RE: Theos-World Pasadena Secret ES?
Mar 05, 1999 04:06 PM
>I tend to be very cautious about those who
>refrain from giving SOURCES. They may be right or wrong, but I
>have to see corroboration.
>As to the preservation of the "Original Writings." There is no
>question but the issuing of COLLECTED WORKS, BLAVATSKY is most
>valuable. Boris de Zircov and those who assisted him did a
>magnificent job. TPH ought to be commended for that. The only
>problem with that work is its high price. The average student
>cannot afford the set.
The high cash price isn't the only problem for the student.
(BTW, as you know, it is "The Collected Writings" edited by Boris de
the more accurate to the originals "Complete Works" (4 vol.only) edited by
To take one example (all sources given):
"Reincarnations in Tibet"(Theosophist, vol. III, 1882, pp. 146-148), in "The
Collected Writings" version (vol. IV, pp. 8-19) has over 100 alterations
when proof reading it against the original article in "The Theosophist."
On a quick comparison of the original with "The Theosophy Company" edition
(in "Tibetan Teachings"), these alterations have not taken place.
This can be a problem for some students.
Most of the alterations are to the proper names, just in the very article
where HPB says: "We are well aware that the name is generally written
*Pugdal,* but it is erroneous to do so. "Pugdal" means nothing, and the
Tibetans do not give meaningless names to their sacred buildings ... but, as
in the case of *Pho-ta-la* of Lha-ssa loosely spelt "Potala" --the lamasery
of Phag-dal derives its name from Phag pa (phag - eminent in holiness,
Buddha-like, spiritual; and *pha-man,* father), the title of
"Awalokiteswara," the Boddhisattwa who incarnates himself in the Dalai Lama
of Lha-ssa. The valley of the Ganges where Buddha preached and lived, is
also called "Phag-yul," the holy, spiritual land; the word *phag* coming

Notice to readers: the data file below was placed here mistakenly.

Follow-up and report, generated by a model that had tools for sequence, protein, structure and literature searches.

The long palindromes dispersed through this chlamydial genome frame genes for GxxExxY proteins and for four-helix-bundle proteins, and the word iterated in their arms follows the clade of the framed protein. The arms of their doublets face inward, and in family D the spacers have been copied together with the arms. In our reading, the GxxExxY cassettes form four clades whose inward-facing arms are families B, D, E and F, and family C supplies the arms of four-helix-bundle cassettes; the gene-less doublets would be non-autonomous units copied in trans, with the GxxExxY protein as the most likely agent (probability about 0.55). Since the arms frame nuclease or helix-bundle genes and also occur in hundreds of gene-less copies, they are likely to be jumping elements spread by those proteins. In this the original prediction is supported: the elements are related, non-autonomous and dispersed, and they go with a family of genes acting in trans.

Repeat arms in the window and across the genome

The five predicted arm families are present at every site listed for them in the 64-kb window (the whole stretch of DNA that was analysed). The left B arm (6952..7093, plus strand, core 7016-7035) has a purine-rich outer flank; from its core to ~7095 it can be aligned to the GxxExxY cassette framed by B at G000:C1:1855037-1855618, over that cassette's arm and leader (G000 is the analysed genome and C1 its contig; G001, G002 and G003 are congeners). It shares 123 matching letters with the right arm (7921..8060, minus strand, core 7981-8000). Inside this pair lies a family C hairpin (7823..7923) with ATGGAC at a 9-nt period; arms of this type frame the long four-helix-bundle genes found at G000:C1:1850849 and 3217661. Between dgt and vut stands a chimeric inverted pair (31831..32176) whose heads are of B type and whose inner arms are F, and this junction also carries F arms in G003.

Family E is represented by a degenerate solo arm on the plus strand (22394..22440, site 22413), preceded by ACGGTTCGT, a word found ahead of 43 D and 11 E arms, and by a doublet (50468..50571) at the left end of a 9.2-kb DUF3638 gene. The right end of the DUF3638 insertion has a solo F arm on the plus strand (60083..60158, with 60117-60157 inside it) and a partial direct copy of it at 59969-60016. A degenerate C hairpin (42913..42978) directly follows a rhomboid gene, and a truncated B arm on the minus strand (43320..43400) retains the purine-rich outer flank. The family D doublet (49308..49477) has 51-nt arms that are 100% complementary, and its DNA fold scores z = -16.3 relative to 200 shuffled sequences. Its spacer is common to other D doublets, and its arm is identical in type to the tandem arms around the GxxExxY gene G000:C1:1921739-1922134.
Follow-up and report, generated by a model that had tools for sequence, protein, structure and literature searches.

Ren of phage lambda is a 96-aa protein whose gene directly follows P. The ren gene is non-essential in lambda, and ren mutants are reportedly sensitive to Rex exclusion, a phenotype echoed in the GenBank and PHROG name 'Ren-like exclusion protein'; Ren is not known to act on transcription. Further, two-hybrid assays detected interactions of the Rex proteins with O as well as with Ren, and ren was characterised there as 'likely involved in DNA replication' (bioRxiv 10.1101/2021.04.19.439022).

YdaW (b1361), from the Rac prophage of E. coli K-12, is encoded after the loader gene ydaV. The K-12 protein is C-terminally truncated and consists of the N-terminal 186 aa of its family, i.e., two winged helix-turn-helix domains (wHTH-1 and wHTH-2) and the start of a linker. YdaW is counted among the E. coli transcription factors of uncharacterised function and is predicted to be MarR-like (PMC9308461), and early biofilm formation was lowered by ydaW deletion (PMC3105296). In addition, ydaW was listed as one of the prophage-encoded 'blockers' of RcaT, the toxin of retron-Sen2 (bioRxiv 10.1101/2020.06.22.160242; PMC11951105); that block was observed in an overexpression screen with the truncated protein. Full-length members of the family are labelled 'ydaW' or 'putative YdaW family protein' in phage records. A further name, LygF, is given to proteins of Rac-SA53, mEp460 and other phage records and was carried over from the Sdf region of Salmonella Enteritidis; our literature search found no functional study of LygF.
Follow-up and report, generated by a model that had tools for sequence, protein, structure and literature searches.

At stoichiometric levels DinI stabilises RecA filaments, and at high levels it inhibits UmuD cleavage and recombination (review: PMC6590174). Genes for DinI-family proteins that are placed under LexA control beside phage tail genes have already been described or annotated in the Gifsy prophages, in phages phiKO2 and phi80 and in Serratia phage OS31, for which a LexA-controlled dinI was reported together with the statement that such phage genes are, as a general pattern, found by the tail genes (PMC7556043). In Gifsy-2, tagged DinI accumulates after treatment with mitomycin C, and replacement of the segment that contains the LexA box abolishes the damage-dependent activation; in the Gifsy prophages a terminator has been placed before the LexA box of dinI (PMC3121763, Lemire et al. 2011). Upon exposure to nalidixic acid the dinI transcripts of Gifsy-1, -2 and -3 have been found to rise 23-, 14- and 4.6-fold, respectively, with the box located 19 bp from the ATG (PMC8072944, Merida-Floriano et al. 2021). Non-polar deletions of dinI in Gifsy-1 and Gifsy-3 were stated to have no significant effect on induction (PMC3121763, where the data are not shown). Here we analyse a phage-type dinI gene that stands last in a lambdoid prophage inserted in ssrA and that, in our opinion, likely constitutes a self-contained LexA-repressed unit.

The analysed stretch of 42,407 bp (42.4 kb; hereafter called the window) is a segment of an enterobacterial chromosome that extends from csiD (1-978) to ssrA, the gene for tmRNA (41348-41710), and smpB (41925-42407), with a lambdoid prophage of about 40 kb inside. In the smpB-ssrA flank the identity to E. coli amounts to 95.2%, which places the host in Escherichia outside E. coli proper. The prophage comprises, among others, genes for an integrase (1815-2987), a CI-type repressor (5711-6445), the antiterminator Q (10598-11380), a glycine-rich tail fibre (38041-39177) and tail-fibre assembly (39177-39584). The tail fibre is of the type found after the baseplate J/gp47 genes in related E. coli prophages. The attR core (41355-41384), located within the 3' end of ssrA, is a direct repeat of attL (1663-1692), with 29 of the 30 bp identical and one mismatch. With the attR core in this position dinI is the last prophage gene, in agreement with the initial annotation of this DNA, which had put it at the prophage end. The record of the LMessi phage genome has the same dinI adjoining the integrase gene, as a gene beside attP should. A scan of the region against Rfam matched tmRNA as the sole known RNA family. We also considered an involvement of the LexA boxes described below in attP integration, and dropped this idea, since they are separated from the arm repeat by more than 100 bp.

from the one root - Pha or Pho being the corruption of Fo--(or Buddha) as
the Tibetan alphabet contains no letter F." (This is from the original
article, and does not contain the alterations which are made in the "The
Collected Writings" version - the accents are not included.)
It is appreciated some prefer the alterations for reasons of scholarship,
wanting to be seen as being respectable, etc. From the point of view of
"eminent in holiness, Buddha-like, spiritual ...the holy, spiritual land,"
the 100 odd alterations made in this particular article are very *physical.*
Some of us prefer to read the article as HPB (with her *spiritual* insight)
T.J. Cobden-Sanderson in a letter addressed to the Editor of "The Times"
October 26, 1911 (also published by the Doves Press) entitled "Shakespearian
Punctuation" writes of his observations when he undertook to reprint
Shakespeare's Sonnets (1609 edition), and had decided to revise what had
superficially seemed to him to be its arbitary and haphazard punctuation in
the original: "but as I proceeded I found two other & more important things,
first, that slowly, like the coming on of night, I was changing the whole
aspect of the Sonnets, and, secondly, that the original punctuation had a
method in its seeming madness, though its method was not the method of
to-day; that, in fact, it was based, not on logical or grammatical
structure, but on emphasis and literary gesture."
The letter ends with two quotations from "Shakespearian Punctuation" by
"Modern punctuation is, or at any rate attempts to be logical; the earlier
system was mainly rhythmical."
"Modern punctuation is uniform; the old punctuation was quite the reverse."
It is not difficult to see how (by analogy) the above can be applied to the
writings of H.P. Blavatsky.
The spellings in "Reincarnations in Tibet" could be said to be "mainly
rhythmical" (by analogy), in at least one case they are not uniform, and in
HPBs writings generally, it can be said that the spellings are not uniform.
In the altered version they are made uniform, and attempts are made to make
it logical, by the soulless dead-letter approach, which doesn't take into
account the subtler (more spiritual) elements. That denies the modern reader
words like Lha-ssa, because it can now only be seen as the capital of Tibet
(Lhasa) a geographical location. (By analogy, like Pugdal and Phag-dal
referred to above.) Are we to change her writings to keep scholars and
"serious" "Buddhists," etc. happy, so that her writings become acceptable in
certain so called erudite circles? So that she might be taken seriously and
accepted and not seen as a charlatan by the blind?
If she had cared about this kind of trivia, she would hardly have called her
magazine "Lucifer" at the end of the last century.
As you wrote in another mail, or words to this effect, the least we can do
is to pass HPBs original writings on for future generations.
We really should not, as Theosophists, compromise H.P.B.
The above is written in case you are not fully aware of this kind of thing
in "The Collected Writings?"
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